It is 1936 in the depths of the Great Depression and Abilene Tucker has been sent by her wandering father to live in the dying town of Manifest, Kansas. She spends the summer making friends and trying to discover the truth about the town, its colorful inhabitants, and her father's past. The mystery revolves around the years 1917-18 when America was fighting in World War I and a deadly outbreak of influenza swept the world. Abilene and her buddies delve into old newspapers, find hidden clues, and uncover secrets through a diviner's stories to reveal the extraordinary friendship between two young men, Ned and Jinx. Abilene is disappointed when she believes there is no trace of her father in Manifest but for the first time in her life, she begins to think of a place as home.
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Forge - Historical Thriller

If you thought this winter in Bloomington was a fierce one, you may feel it was downright balmy after reading about the winter the Revolutionary War soldiers experienced at Valley Forge in 1777-1778.

In Forge, Laurie Halse Anderson continues the compelling story she started in her award-winning novel Chains which describes the involvement of African American slaves in the Revolutionary War. Chains was told from the perspective of Isabel, a slave who spies for the rebels during the start of the war. She meets Curzon, a slave whose owner required him to enlist as a soldier and fight in the war in his place, with the promise that Curzon would become free when the enlistment time expired.
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Astrid & Veronika

Astrid and VeronikaThis lovely book describes a friendship between a septuagenarian and a woman of 30. Veronika, the younger woman, has spent a lifetime moving, first accompanying her father to his foreign service assignments, then on her own to Stockholm and London before impetuously following a boyfriend to Auckland, New Zealand.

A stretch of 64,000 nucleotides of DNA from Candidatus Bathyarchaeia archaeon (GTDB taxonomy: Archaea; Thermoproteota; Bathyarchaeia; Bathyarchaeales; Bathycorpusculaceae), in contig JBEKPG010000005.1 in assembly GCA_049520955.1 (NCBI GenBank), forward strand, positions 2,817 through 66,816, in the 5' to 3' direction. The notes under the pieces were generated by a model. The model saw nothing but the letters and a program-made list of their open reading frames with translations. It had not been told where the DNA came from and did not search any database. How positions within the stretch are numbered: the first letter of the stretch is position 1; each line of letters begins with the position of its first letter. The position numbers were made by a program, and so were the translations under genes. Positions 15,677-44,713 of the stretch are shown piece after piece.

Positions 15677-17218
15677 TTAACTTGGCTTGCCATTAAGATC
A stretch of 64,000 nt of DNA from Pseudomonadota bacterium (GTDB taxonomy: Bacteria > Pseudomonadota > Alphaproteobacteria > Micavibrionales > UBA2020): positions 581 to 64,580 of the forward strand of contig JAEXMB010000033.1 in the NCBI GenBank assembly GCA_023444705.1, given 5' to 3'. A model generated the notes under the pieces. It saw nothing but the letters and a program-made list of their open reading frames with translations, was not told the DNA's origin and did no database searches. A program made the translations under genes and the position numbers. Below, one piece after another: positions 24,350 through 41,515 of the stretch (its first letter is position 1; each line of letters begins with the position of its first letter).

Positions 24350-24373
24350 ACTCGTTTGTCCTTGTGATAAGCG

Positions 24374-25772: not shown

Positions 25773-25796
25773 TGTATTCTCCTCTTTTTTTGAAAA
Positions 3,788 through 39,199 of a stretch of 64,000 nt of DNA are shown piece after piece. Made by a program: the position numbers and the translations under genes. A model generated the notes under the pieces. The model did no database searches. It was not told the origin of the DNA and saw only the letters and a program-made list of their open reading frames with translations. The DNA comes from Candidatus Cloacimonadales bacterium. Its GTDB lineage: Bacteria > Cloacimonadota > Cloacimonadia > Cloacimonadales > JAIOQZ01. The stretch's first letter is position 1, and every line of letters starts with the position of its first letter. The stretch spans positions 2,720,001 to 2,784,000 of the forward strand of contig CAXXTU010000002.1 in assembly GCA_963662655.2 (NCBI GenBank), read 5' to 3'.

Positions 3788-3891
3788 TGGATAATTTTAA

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The Writing Circle

The Writing CircleThis novel examines the writing process itself especially that nerve-wracking period when an author first shares her work with other people. Nancy writes for a medical newsletter for a living; how ironic, she often thinks, that a doctor's daughter researches articles about prostate health, skin cancer, even empty nest syndrome, and then makes pronouncements about them in the voice of a medical practitioner rather than her own. Her novel is a deeply personal story, one that imagines her father's life beginning with the night he watched a couple say good-bye to their newborn daughter. Nancy has waited until after her father's death to imagine his story. And as in all fiction, the bare biographical facts are merely a springboard to the tale, not its actual foundation.
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The Mostly True Adventures of Homer P. Figg

Homer P. Figg and his older brother Harold are orphans, and their sad lives are made even more wretched by their mean guardian, Uncle Squinton. "Squint" forces Harold to be conscripted into the Union Army even though he is underage, and Homer is compelled to try to rescue his brother before he is killed in the savagery of the Civil War. Thus begin The Mostly True Adventures of Homer P. Figg. (Mostly true, because to Homer, telling the truth "don't come easy.") It's unusual to have a humorous book that takes place in a time of war, and though plenty of sad things happen, the author (Rodman Philbrick, who also wrote the famed YA novel Freak the Mighty) succeeds in keeping a lighter tone which kids and parents will appreciate. I hope you'll enjoy the folksy humor and fascinating characters as much as I did! (This book is a 2010 Newbery Honor book and is recommended for grades 5-8.)